Feeds

Intel vows PC virtualization skoolin' for OEMs

If all else fails, fiddle

Maximizing your infrastructure through virtualization

Intel has vowed to keep on educating OEMs about PC virtualization, as vendors sell machines that have left customers frustrated and angry.

One of the chip giant's top executives told press Tuesday that Intel had already been working with PC makers so they could "understand the benefits of virtualization technology" on PCs.

Vice president and director for digital enterprise operations Stephen Smith claimed that the majority of business-oriented PC makers are confident with Virtualization Technology (VT) in its Core 2 Duo processors - and they support it.

"In the BIOS they need to enable that [VT]. We continue to work with them to understand that," Smith said.

Microsoft principal program manager Ruston Panabaker speaking with Smith in San Francisco, California, added Microsoft had also been going out to he ecosystem to ensure partners understand the virtualization message.

Confident and evangelical the pair may be, but PC makers as recently as this summer have been selling machines that have stopped working with VT.

The Reg reported last month that Sony and Fujitsu-Siemens are allowing customers to buy PCs that use the Core 2 Duo but whose BIOS they had stopped from working with VT. The PCs in question are Sony's Z series VAIOs and Fujitsu's ESPRIMO Mobile V55x5 range.

Customers have complained bitterly because while the companies have touted their machines' use of the Core 2 Duo and the chip's features, they had not actually stated that VT - a major feature in anybody's estimation - has been disabled in the PCs' BIOS.

The issue has come to light as Sony and Fujitsu along with other OEMs have started advertising their PCs ability to work with Microsoft's forthcoming Windows 7, to cash in on an anticipated wave of sales.

Windows 7 will let you fire up a virtualized desktop called Windows XP Mode to run legacy Windows XP applications. But Windows XP mode requires the kind of hardware virtualization offered by VT.

If the OEMs aren't listening to the evangelism from Microsoft and Intel, customers have one final resort: Smith said you can look to see if the BIOS on you PC support VT, and if not, you can turn it on yourself. "If that [the BIOS] was shipped in default off, IT needs to provision that to on," Smith said.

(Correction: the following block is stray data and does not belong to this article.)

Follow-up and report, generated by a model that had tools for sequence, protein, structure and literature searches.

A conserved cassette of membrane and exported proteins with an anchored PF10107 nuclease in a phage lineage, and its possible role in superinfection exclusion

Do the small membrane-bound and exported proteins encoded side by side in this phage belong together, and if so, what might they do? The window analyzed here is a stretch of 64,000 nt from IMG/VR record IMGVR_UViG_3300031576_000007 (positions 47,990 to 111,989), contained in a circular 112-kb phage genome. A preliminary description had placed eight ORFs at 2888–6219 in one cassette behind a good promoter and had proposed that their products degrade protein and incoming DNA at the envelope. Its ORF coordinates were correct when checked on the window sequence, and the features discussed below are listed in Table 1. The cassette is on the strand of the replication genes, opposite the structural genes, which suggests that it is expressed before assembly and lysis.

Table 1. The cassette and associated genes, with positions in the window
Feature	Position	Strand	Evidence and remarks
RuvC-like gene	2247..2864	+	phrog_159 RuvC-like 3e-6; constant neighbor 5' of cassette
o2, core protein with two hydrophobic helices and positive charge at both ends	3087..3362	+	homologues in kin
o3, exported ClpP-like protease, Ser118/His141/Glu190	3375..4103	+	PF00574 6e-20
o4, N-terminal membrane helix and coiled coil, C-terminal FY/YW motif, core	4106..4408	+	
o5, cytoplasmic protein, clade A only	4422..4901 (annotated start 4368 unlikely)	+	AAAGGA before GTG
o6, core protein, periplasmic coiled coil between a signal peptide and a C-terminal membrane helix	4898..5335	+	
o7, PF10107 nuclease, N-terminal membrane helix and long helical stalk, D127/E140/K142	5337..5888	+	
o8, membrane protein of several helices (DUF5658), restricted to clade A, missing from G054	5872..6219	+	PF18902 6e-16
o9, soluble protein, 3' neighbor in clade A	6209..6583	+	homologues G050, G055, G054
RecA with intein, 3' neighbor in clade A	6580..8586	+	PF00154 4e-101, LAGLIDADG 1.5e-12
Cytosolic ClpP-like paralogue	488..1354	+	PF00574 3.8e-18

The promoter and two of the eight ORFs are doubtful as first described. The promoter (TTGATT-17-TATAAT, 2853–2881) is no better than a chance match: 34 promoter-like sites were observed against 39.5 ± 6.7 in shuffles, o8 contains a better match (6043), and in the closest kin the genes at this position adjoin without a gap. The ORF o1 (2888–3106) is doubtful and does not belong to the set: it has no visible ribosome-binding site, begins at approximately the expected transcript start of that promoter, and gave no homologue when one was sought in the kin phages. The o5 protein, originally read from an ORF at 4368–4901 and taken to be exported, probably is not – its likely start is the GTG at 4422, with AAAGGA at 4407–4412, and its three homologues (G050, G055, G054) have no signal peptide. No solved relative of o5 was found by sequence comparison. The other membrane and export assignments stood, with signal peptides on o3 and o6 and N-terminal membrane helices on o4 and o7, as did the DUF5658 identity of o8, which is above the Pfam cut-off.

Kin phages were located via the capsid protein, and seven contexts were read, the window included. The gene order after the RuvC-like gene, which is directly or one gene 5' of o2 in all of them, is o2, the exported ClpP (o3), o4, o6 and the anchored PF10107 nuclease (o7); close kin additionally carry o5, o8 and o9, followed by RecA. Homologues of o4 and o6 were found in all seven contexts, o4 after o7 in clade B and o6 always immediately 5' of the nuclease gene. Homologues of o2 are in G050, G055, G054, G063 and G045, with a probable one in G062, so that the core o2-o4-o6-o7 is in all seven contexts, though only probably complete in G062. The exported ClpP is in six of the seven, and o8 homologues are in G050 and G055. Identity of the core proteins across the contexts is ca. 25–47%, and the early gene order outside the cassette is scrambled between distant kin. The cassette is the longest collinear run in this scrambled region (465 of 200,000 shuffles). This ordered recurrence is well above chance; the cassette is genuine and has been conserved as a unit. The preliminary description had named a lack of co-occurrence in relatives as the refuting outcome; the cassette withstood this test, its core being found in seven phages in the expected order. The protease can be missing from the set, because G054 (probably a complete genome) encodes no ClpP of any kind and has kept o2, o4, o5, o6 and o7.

Good luck fiddling. ®

The Power of One eBook: Top reasons to choose HP BladeSystem

More from The Register

next story
Sysadmin Day 2014: Quick, there's still time to get the beers in
He walked over the broken glass, killed the thugs... and er... reconnected the cables*
Auntie remains MYSTIFIED by that weekend BBC iPlayer and website outage
Still doing 'forensics' on the caching layer – Beeb digi wonk
SHOCK and AWS: The fall of Amazon's deflationary cloud
Just as Jeff Bezos did to books and CDs, Amazon's rivals are now doing to it
VVOL update: Are any vendors NOT leaping into bed with VMware?
It's not yet been released but everyone thinks it's the dog's danglies
BlackBerry: Toss the server, mate... BES is in the CLOUD now
BlackBerry Enterprise Services takes aim at SMEs - but there's a catch
The triumph of VVOL: Everyone's jumping into bed with VMware
'Bandwagon'? Yes, we're on it and so what, say big dogs
prev story

Whitepapers

Implementing global e-invoicing with guaranteed legal certainty
Explaining the role local tax compliance plays in successful supply chain management and e-business and how leading global brands are addressing this.
Consolidation: The Foundation for IT Business Transformation
In this whitepaper learn how effective consolidation of IT and business resources can enable multiple, meaningful business benefits.
Application security programs and practises
Follow a few strategies and your organization can gain the full benefits of open source and the cloud without compromising the security of your applications.
How modern custom applications can spur business growth
Learn how to create, deploy and manage custom applications without consuming or expanding the need for scarce, expensive IT resources.
Securing Web Applications Made Simple and Scalable
Learn how automated security testing can provide a simple and scalable way to protect your web applications.